Humanity is finite. Death is inevitable.
But what if death wasn’t the end for you?
Based on the manga by Gamon Sakurai, AJIN: Demi-Human follows Kei Nagai, a typical ambitious Japanese highschooler whose life turns upside-down–and briefly ends–during a walk to school.
When Kei is struck by a van, he learns that every time he dies, he comes back to life.
He is an Ajin, a being whose body regenerates after death… and who the government is secretly kidnapping.
Turns out, people who can’t die are invaluable test subjects for industries just waiting to perfect their latest drugs, weapons, and more. And they can’t wait to get Kei on the dissection table.
He can’t hide. All he can do is run or fight.
I love AJIN: Demi-Human. And you might too.
Genre: Action/Suspense, Seinen, Supernatural, Sci-Fi, Horror
Year Released: 2016
Studio: Polygon Pictures
Licensed By: Sentai Filmworks
Directors: Seshita, Hiroyuki; Andou, Hiroaki
Episodes: 2 seasons (26 total episodes), 2 OAD’s, 3-part anime film adaptation, live-action film adaptation
What You Might Like About… the Visuals
Yes, this show has CGI character models, which can be a death-knell for anime. And yes, it doesn’t always look pretty. Some of the animation ends up goofy-looking (especially with the character Nakano, for some reason).
However, AJIN’s animation is leaps and bounds ahead of other CG-anime. Motions are much smoother and more natural than other shows such as Knights of Sidonia. And despite a few stiff facial expressions, characters still have lots of personality in design and movement.
But what really makes this show’s CG stand out is the monstrous “black ghosts.”
These things look and sound like they could take out a tank–and often perform feats that come pretty dang close. Each impact they make feels heavy and powerful.
This means the plentiful fight scenes pack a punch, in no small part thanks to the show’s immersive sound design.
What You Might Like About… the Audio
Where AJIN’s animation may struggle, the sound design excels.
This was nowhere more evident than the attention to detail devoted to the show’s arsenal. My gun-enthusiast dad and brother were impressed: lovingly-crafted AK-47’s looked and sounded like AK-47’s; A-1’s sounded like A-1’s; and so on.
That’s not even addressing the haunting soundtrack, which perfectly sets the pace for pulse-pounding moments of terror or softer scenes. And I’ll never forget the horrifying sound when Ajin resurrect. The gargling, crackling, popping noise is otherworldly and perfectly portrays a body being sewn back together… and a life unnaturally returning to earth.
What You Might Like About… the Writing
This show locks you in from the first episode and does not release until the ride is over. It’s quick but not too fast, dishing out info during hammering chase scenes or over quiet character-developing moments. This show has suspense, horror elements, military-grade tactics and counters; it’s a show as much for someone who likes ghost stories as it is for someone who prefers action/suspense films ala the Bourne franchise.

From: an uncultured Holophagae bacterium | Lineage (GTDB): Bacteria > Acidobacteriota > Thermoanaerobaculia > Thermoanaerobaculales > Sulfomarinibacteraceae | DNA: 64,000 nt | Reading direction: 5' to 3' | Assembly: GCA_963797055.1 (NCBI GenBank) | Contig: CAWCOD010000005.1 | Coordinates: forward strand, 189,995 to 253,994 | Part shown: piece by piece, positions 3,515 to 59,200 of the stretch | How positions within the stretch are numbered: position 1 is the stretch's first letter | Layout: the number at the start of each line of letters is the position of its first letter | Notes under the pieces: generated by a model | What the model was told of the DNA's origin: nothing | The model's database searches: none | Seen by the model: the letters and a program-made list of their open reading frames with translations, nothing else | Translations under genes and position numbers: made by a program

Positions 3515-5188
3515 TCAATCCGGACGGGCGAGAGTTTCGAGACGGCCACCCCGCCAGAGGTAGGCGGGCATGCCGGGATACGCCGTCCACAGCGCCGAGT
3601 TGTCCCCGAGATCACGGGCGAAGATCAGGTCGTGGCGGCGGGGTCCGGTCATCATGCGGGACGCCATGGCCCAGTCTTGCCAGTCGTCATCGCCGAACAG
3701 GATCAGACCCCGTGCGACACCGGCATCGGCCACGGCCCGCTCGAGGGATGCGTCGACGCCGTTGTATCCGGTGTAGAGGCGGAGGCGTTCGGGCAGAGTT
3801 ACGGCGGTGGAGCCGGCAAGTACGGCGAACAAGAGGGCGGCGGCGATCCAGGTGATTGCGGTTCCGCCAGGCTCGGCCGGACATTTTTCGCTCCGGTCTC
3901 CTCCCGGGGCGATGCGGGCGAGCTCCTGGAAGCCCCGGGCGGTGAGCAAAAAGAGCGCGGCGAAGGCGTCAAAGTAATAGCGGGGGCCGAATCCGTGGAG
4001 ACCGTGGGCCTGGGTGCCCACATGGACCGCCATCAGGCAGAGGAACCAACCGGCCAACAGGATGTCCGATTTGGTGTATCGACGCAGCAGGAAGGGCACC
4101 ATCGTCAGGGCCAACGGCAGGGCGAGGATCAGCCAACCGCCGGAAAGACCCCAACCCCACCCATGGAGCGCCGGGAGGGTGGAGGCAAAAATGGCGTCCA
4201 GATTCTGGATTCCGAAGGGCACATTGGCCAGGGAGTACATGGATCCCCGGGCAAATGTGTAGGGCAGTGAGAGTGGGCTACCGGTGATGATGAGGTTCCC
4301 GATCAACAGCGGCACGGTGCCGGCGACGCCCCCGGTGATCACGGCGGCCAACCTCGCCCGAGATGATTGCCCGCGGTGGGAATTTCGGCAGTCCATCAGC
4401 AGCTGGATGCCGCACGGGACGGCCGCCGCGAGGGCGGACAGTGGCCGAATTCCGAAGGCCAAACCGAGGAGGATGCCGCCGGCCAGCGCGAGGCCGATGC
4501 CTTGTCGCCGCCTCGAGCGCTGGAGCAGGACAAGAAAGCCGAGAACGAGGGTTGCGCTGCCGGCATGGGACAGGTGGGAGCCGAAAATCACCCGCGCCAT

Just be warned–this show touches on a lot of dark themes, including suicide. There’s also violence. Lots and lots of violence. Expect to see people being shot or impaled on a regular basis. If that’s not your thing, this show is not for you.
No flat stereotypes here; these characters feel round, realistic, and relatable. Kei may be a typical over-achieving student, but he’s also cold and calculating and far wiser than his years. Nakano may seem like a jock, but he’s quirky and has a strong sense of justice that propels him–and the main cast–forward. Tosaki appears to be a typical disinterested government official, but he’s not perfect, and he’s not afraid to get his hands dirty when backed into a corner.
Still, realism comes at a price: you may not always find the cast likeable. Two characters in particular can be so brutal to others that their actions seem unjustifiable or even out of character.
In fact, sometimes you may find yourself cheering for the villains. It’s hard not to sympathize with people who are fighting to be recognized as human beings when their only initial sin was one unfortunate accident or one bad day.
But even though I’m not usually a fan of relatable villains, I was okay with the villains of AJIN; after all, the main villain gave me plenty to root against.
Sure, this show isn’t without its downsides. It had a few set-ups without payoffs; but they weren’t deal-breakers for me. The ending comes fast, but it’s satisfying while remaining open for any potential future seasons.
Will we see more of this show? I’m not so sure. But there’s a three-part animated film trilogy and a live-action adaptation for those of you who have already seen it and are dying for more.
For the rest of you who haven’t watched it yet, fire up Netflix and give it a go. Just don’t expect it to lull you to sleep before bed.
All photos are screenshots taken off Netflix and are the property of Sentai Filmworks 2016. Used under US “Fair Use” laws.
AJIN: Demi-Human and all related names and terms are the property of Sentai Filmworks 2016. And I have no affiliation with them.
Review format adapted from Curtis Bell’s Iridium Eye. If you’re bored of the usual flicks on Redbox or Netflix, check out Iridium Eye for a medley of movies and shows I can guarantee you’ve never heard of.
Interested in reading more about anime? Check out Drunken Anime Blog for some fun analyses. Of course, as you can probably tell from the title, this may have content not suitable for little eyes. Or your eyes, if you’re sensitive to alcohol, sexual content, etc.
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